Student Health Services (SHS) at Duke University is jointly supported by the Division of Student Affairs and the Department of Pediatrics. The Duke Student Health Center is the primary source for a wide range of healthcare services, many of which are covered by the Student Health Fee.
Additionally, the Student Wellness Center is dedicated to fostering a living/learning environment on campus and within the surrounding community that encourages the full development of the individual as an engaged member of the community.
You don’t have to play Division I sports to be active at Duke. Duke Recreation & Physical Education offers a wide range of programs that encourage healthy lifestyles through education and recreation. Gifts support our daily operations and provide funding for new intramural and club sport teams, equipment upgrades and facility improvements.
Counseling and Psychological Services (CAPS) helps Duke students enhance strengths and develop abilities to successfully live, grow and learn in their personal and academic lives. We offer many services to Duke undergraduate, graduate and professional students, including brief individual counseling/psychotherapy, consultation, couples and group counseling, assistance with referrals and more.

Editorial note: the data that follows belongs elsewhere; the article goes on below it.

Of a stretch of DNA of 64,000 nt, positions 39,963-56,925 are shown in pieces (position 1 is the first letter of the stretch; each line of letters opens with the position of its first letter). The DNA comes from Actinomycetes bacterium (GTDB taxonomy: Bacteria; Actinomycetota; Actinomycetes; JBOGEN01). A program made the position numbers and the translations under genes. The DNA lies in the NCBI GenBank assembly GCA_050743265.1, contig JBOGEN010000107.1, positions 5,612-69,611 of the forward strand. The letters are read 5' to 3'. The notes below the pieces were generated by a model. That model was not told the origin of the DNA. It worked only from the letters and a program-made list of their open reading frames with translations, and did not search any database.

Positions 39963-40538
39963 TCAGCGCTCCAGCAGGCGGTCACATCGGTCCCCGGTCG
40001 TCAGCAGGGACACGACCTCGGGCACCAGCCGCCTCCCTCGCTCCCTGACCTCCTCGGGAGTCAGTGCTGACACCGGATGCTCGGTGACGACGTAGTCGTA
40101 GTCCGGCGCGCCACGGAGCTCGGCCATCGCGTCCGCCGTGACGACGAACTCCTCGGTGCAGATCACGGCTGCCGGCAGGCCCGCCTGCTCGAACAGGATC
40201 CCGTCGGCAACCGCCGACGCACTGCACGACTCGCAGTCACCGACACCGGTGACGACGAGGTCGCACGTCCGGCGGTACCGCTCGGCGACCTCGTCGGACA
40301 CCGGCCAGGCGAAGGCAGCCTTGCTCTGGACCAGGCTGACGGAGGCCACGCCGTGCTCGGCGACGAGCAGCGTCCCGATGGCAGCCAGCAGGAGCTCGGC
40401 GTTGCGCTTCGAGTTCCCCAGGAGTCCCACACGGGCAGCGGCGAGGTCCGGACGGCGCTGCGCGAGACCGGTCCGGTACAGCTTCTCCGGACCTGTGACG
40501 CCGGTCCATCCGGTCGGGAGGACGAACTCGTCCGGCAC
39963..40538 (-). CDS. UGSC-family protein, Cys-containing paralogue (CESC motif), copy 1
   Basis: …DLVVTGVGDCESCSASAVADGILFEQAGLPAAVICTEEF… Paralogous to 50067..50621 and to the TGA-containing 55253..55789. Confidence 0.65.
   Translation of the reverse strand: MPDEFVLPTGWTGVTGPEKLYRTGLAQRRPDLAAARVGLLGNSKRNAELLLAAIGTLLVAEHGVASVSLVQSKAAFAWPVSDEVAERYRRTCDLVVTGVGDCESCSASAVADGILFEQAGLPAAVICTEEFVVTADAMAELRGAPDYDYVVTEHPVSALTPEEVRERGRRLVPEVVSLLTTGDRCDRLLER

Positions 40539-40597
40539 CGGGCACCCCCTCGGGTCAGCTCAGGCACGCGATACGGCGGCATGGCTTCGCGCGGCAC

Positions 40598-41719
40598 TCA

CAPS staff also provide outreach education programs to student groups, particularly programs supportive of at-risk populations. on a wide range of issues impacting them in various aspects of campus life.
Duke University seeks to attain and maintain a place of leadership in all that we do. This includes leadership in environmental stewardship and sustainability on our campus, in our medical institutions and in the larger community of which we are a part.
We are committed to examining the actual and potential environmental impacts associated with our activities and services in order to continually improve environmental performance. Visit the Duke Sustainability website to learn more.